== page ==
Held Wednesday, April 19, 2000
Today we consider another technique for implementing dictionaries:
- The elusive goal: O(1) lookup and retrieval
- Using objects as numeric indices
- Hash tables
- Surprisingly, if you're willing to sacrifice some space and increase
your constant, it is possible to build a dictionary with O(1)
- How? By using an array, and numbering your keys in such a way that
- all numbers are between 0 and array.length-1
- no two keys have the same number (or at least few have the same
- If there are no collisions (keys with the same number), the system is simple
- To put a value, determine the number corresponding to the key
and put it in that place of the array. This is O(1+cost of
computing that number).
- To get a value, determine the number corresponding to the key
and look in the appropriate cell. This is O(1+cost of finding that
- Implementations of dictionaries using this strategy are called
- The function used to convert an object to a number is the
- To better understand hash tables, we need to consider
- The hash functions we might develop.
- What to do about collisions.
- The goal in developing a hash function is to come up with a function
that is unlikely to map two objects to the same position.
- Now, this isn't possible (particularly if we have more objects than
- We'll discuss what to do about two objects mapping to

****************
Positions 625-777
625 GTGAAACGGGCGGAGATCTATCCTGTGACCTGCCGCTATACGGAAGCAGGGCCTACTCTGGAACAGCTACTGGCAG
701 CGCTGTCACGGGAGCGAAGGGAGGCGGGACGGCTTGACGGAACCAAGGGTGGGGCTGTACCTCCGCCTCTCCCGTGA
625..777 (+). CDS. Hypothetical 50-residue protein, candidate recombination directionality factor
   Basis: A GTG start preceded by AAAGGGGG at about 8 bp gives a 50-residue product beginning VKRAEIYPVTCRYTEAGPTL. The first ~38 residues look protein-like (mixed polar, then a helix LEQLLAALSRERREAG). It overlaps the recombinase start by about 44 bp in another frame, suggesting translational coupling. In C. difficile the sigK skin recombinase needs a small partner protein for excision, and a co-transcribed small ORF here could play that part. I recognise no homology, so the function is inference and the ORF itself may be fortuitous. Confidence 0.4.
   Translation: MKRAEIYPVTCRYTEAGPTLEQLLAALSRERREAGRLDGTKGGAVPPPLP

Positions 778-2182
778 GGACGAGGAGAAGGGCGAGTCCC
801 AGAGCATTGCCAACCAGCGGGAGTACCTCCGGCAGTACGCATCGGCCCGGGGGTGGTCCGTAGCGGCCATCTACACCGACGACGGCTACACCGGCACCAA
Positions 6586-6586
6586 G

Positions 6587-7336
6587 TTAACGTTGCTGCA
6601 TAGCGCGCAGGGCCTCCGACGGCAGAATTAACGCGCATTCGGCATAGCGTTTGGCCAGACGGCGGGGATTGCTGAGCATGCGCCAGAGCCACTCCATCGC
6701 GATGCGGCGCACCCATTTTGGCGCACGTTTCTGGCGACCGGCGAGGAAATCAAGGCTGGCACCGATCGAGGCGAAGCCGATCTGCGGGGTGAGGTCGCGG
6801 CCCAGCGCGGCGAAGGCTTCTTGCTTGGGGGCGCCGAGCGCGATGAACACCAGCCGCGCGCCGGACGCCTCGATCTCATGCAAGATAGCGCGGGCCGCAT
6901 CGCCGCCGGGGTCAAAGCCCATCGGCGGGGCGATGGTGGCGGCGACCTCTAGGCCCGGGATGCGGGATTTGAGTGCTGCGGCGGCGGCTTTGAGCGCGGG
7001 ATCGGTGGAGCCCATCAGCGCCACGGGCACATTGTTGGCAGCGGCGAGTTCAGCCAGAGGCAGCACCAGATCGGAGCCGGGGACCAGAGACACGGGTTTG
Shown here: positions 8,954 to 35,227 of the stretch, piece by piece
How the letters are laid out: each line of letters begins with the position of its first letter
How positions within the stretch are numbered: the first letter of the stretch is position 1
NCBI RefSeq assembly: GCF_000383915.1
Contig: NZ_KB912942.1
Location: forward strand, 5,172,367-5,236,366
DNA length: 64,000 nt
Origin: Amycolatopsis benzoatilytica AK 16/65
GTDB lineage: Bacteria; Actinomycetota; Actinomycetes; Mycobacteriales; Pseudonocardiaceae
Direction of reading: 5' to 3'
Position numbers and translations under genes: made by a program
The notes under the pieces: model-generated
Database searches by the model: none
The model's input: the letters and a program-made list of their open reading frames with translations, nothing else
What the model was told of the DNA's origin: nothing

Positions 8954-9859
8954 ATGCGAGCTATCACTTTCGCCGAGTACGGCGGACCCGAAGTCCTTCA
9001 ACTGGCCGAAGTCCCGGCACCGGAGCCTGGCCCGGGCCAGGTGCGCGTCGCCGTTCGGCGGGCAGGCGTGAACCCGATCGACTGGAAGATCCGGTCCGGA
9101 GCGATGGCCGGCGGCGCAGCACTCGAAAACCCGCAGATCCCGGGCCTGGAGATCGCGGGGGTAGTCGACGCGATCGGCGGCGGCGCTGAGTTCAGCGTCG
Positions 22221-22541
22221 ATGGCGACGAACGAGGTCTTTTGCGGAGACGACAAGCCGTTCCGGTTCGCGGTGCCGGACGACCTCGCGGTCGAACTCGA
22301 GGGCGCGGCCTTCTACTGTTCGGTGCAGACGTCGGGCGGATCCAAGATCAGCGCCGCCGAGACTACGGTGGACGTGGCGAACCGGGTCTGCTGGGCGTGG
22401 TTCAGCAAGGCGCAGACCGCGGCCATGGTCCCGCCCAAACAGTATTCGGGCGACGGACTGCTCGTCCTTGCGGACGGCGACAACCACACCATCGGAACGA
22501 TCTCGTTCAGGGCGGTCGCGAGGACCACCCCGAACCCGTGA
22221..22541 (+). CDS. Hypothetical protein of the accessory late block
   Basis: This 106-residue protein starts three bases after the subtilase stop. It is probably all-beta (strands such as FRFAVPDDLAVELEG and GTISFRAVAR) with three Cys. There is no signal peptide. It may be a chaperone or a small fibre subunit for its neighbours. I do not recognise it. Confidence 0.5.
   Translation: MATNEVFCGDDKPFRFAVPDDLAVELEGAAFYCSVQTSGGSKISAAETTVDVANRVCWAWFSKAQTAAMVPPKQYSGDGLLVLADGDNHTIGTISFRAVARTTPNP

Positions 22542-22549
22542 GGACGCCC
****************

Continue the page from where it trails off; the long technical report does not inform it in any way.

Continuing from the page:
the same position later.
- Hence, we sometimes accept a situation in which the hash function
distributes the objects more or less uniformly.
- It is worth some experimentation to come up with such a function.
- In addition, we should consider the cost of computing the hash function.
We'd like something that is relatively low cost (not just constant time,
but not too many steps within that constant).
- We'd also like a function that does (or can) give us a relatively
large range of numbers, so that we can get fewer collisions by increasing
the size of the hash table.
- We might want to make the size of the table a parameter to the
- We might strive for a hash function that uses the range of positive
integers, and mod it by the size of the table.
- What are some hash functions you might use for strings?
- Sum the ASCII values in the string
- N*first letter + M*second letter
- Hash tables are so useful that Java includes them as a standard
- Let's look over
- Why are there three constructors?
- What methods are there other than
- Where's the hash function?
- Our analysis of Hash Tables to date has been based on two simple
operations: get and put.
- What happens if we want to remove elements? This can significantly
- If we've chosen the ``shift into a blank space'' technique for
resolving collisions, what do we
do when it comes time to remove elements?
- Do we shift everything back? If so, think about how far we may have
- Do we leave the thing there as a blank? We might then then remove
it later when it's convenient to do so.
- Do we do something totally different?
- Note also that there are different ways of specifying ``remove''. We
might remove the element with a particular key. We might instead remove
elements based on their value. The second is obviously a much slower
operation than the first (unless we've developed a special way to handle
that problem - see if you can think of one).